Our example in Jesus is a call directly into relationships, into life, “for God so loved the world.” In Jesus, not only do we hear that the greatest instruction is to love our neighbors. Even more, we see one who cared for the sick and who welcomed the outcast and who enjoyed plenty of wine at the party. We see Jesus as the embodiment and incarnation of a God who is concerned for your life and the life of those around you and the good of all creation. These are things to delight in and to take care of.
And maybe that, at last, also points us back toward this wedding and that fuller, better sense of vocation and of what you are in life. See, Emily and Seth, it is not only that you are doctors. What we do to make a living isn’t only for getting a paycheck. It is not merely requirements or what makes us happy.
In this Lutheran understanding (which I find has a heckuva lot of truth) our vocation is to be part of this world, engaged with our neighbors. And your closest neighbor, where you find yourselves most primarily and predominantly isn’t at a job. The central vocation and the place most in need of our love and care is within our family, our household. That’s our first place of responsibility, and where we are most cared for.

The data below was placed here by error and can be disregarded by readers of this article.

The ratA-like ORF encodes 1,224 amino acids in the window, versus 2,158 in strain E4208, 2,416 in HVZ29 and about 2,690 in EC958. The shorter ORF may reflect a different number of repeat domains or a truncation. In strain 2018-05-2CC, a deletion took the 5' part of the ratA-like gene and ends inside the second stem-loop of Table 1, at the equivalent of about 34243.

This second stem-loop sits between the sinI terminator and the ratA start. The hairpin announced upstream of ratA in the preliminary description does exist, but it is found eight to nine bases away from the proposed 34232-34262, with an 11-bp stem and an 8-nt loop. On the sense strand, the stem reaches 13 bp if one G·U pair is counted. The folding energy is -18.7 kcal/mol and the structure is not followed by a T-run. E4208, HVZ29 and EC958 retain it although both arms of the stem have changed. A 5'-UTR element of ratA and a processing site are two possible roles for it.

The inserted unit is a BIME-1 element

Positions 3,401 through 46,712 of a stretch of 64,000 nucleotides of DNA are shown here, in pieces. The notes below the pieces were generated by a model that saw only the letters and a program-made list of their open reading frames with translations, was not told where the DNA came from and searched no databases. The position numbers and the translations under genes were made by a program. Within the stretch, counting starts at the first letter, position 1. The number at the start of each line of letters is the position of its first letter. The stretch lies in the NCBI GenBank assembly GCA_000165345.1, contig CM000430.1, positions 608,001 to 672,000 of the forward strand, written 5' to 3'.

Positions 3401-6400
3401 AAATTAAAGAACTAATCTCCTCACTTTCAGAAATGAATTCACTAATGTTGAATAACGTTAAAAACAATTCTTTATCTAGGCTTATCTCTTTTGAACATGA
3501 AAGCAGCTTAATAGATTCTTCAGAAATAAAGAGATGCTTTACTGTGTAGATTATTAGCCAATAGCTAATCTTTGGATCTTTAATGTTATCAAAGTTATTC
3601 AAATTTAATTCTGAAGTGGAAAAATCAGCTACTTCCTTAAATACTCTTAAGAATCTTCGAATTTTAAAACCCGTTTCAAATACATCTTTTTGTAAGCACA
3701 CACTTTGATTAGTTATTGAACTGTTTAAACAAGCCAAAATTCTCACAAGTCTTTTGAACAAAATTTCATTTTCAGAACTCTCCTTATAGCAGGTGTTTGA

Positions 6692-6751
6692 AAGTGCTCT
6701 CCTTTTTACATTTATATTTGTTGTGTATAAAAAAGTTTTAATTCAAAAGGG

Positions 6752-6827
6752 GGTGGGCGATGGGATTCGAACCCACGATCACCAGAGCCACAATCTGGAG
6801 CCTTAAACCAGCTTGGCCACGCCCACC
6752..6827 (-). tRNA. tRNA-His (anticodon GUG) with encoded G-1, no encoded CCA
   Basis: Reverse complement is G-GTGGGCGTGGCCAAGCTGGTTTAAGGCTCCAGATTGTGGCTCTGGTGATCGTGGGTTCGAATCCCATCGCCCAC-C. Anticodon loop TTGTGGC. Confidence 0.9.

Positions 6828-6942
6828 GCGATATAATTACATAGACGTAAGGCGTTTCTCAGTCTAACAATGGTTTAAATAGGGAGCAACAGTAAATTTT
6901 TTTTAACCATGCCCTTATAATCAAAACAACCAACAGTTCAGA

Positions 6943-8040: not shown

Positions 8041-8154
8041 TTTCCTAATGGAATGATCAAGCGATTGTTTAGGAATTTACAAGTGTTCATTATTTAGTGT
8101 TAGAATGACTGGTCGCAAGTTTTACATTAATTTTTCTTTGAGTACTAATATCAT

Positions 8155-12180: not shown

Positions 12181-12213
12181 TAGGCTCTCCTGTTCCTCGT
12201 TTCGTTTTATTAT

And so that is why this is a blessed event, a blessed day, because you, Seth and Emily, in this wedding and for this marriage are recognizing the importance of the absolutely central vocation, of being together. You are loved and loving. You are becoming husband and wife, claiming each other as the closest and most important of neighbors, glad and eager to be there for each other. In that, and in this day, you are willing to take up the charge, to answer God’s call, to commit yourselves to each other, to vow what you will be, through better or worse, in sorrow and in joy. And through all of that, it means your love for each other is, indeed, making the world a better place.
You know, it’s a lot of work. It’s worth a lot of prayer and devotion and attention. It’s also well worth a celebration. So blessings and congratulations!
* Buechner, Wishful Thinking: A Seeker’s ABC, p119